"I'm a gonzo surgeon with a bit of a death wish," he says with a low chuckle. During the 10 weeks he spent as the only surgeon in Kigali, Rwanda, last summer, that wish was nearly granted more than once. Sundin, 44, who left his Yale University School of Medicine instructorship to volunteer with the Red Cross, survived mortar-shell attacks, a searing bout of malaria and an encounter with spike-bearing tribal militia—and saved countless lives in the process. In a converted Catholic convent in the civil-war-ravaged capital, he and a handful of nurses treated 50 to 100 patients a day, mostly civilians from the rebel Tutsi tribe. It was the height of the three-month conflict between the Tutsis and the governing Hutus, and there were limbs to be amputated and machete and bullet wounds to mend, all with "no lab, no X-ray equipment, no blood," Sundin says. "But we did have intravenous fluids and antibiotics."

Gonzo or no, the former carpenter and 1987 Medical College of Virginia graduate (who did a stint in embattled Sri Lanka last year) felt the strain. "I like doing war surgery," he says. "It's like being a fighter pilot—it's intense, immediate. But it's very stressful." He eased the anguish by keeping a journal, which he faxed in installments to friends in New Haven. He hopes to expand on the journal and publish it someday. "Most Americans know only the Hollywood version or the sanitized media version of war," he says. "We should know what the real thing is like."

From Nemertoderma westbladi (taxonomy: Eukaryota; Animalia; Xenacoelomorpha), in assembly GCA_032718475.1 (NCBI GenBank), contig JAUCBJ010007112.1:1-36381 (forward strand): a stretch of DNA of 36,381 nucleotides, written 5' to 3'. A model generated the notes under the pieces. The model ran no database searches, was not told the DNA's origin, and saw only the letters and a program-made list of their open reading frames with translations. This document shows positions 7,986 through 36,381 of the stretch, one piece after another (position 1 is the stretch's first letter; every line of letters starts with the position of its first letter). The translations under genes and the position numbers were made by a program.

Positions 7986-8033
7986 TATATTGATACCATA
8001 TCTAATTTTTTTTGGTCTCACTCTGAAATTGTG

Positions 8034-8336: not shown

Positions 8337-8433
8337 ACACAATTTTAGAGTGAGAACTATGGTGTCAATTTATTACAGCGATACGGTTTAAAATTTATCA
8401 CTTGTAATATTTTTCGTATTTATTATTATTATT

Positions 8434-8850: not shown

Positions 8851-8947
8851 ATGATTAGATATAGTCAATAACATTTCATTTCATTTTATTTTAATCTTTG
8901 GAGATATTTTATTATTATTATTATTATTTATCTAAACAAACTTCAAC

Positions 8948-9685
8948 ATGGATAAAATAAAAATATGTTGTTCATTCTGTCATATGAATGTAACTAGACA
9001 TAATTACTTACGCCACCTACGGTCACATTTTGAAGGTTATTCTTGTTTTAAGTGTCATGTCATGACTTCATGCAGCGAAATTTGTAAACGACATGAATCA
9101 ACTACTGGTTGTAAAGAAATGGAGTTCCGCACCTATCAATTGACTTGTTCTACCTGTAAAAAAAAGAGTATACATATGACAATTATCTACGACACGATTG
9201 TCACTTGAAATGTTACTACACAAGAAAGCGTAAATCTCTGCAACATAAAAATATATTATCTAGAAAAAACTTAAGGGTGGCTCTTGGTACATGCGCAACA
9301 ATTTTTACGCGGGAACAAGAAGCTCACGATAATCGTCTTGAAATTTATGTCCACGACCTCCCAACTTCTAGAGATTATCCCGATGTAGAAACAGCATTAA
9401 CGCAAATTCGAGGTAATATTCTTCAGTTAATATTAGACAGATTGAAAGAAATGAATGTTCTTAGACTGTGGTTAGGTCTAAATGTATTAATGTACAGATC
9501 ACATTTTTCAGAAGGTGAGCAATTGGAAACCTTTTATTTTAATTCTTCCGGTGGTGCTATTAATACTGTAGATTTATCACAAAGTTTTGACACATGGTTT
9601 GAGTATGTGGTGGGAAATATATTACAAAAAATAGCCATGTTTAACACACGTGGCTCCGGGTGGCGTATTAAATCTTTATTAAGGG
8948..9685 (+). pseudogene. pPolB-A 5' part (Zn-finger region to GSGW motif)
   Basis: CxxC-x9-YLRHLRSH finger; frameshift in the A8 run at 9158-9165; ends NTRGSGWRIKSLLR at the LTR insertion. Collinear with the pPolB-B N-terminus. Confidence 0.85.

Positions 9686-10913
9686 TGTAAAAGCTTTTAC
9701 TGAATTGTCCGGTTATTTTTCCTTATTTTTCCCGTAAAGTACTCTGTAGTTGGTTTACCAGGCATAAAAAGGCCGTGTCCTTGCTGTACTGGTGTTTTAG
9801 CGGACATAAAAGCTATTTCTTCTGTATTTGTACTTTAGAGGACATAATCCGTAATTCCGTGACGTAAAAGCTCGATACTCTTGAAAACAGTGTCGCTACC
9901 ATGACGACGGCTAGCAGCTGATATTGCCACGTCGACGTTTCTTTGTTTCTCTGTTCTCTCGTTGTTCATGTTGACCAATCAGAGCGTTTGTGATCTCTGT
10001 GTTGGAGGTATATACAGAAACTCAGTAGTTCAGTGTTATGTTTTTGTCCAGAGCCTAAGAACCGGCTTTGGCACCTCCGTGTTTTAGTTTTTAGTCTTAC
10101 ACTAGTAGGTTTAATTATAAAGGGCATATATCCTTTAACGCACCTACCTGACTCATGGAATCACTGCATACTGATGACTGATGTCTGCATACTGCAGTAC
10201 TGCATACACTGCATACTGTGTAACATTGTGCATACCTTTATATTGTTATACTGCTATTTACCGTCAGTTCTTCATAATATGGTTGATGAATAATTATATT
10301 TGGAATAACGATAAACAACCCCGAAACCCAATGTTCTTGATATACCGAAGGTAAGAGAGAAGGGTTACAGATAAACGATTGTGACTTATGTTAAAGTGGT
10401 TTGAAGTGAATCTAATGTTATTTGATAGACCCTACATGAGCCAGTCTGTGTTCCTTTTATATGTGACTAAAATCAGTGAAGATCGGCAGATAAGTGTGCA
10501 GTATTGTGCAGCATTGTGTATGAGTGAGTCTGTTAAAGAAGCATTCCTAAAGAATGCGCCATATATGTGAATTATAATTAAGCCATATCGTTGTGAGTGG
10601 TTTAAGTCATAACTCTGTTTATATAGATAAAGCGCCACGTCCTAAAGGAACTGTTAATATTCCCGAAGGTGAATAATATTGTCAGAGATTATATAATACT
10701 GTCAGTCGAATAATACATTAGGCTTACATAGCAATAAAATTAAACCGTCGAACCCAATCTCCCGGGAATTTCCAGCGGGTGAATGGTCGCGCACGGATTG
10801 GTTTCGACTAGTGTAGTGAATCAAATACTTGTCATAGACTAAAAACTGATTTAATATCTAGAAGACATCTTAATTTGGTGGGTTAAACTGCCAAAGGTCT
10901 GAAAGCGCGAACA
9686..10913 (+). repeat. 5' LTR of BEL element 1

Sundin, who is divorced and childless, will be experiencing more of it himself in the next troubled country that speaks to him. "Everyone does what he can to alleviate suffering," he says. "I do this."


Miami travel agent Ruben Gonzalez knows whom to thank for delivering him from a life of poverty in Castro's Cuba: José Basulto, the founder and head of Hermanos al Rescate (Brothers to the Rescue). In the past three years, this group of volunteer pilots has helped save some 4,500 Cuban refugees from the rough waters between Cuba and the Florida Keys. "The Hermanos are magnificent, humane people," says Gonzalez, who was on the first raft load the pilots discovered. "I'm speaking of the organization—but mainly Jose Basulto."

Basulto, 54, a South Florida real estate developer, was so moved by the plight of thousands fleeing Cuba on flimsy, homemade rafts that he launched Hermanos in 1991 with little more than a single plane. Today the privately funded group—which searches for rafts, drops supplies and then notifies the Coast Guard to pick up the refugees—has 36 pilots, five planes and more than 1,500 missions to its credit. The Brothers' efforts are not without peril. Four planes have been lost due to engine failure or accidents, and Cuban MiGs sometimes menace the missions. Basulto was lucky to suffer only a broken finger when the Cessna 337 he was piloting crashed earlier this year. But the risks seem to be worth it for the Cuban émigré and former CIA operative, who as a 20-year-old took part in the ill-fated Bay of Pigs invasion. "The idea for Hermanos was something there in the air to be grasped," says Basulto. "If I hadn't done it, someone else would have."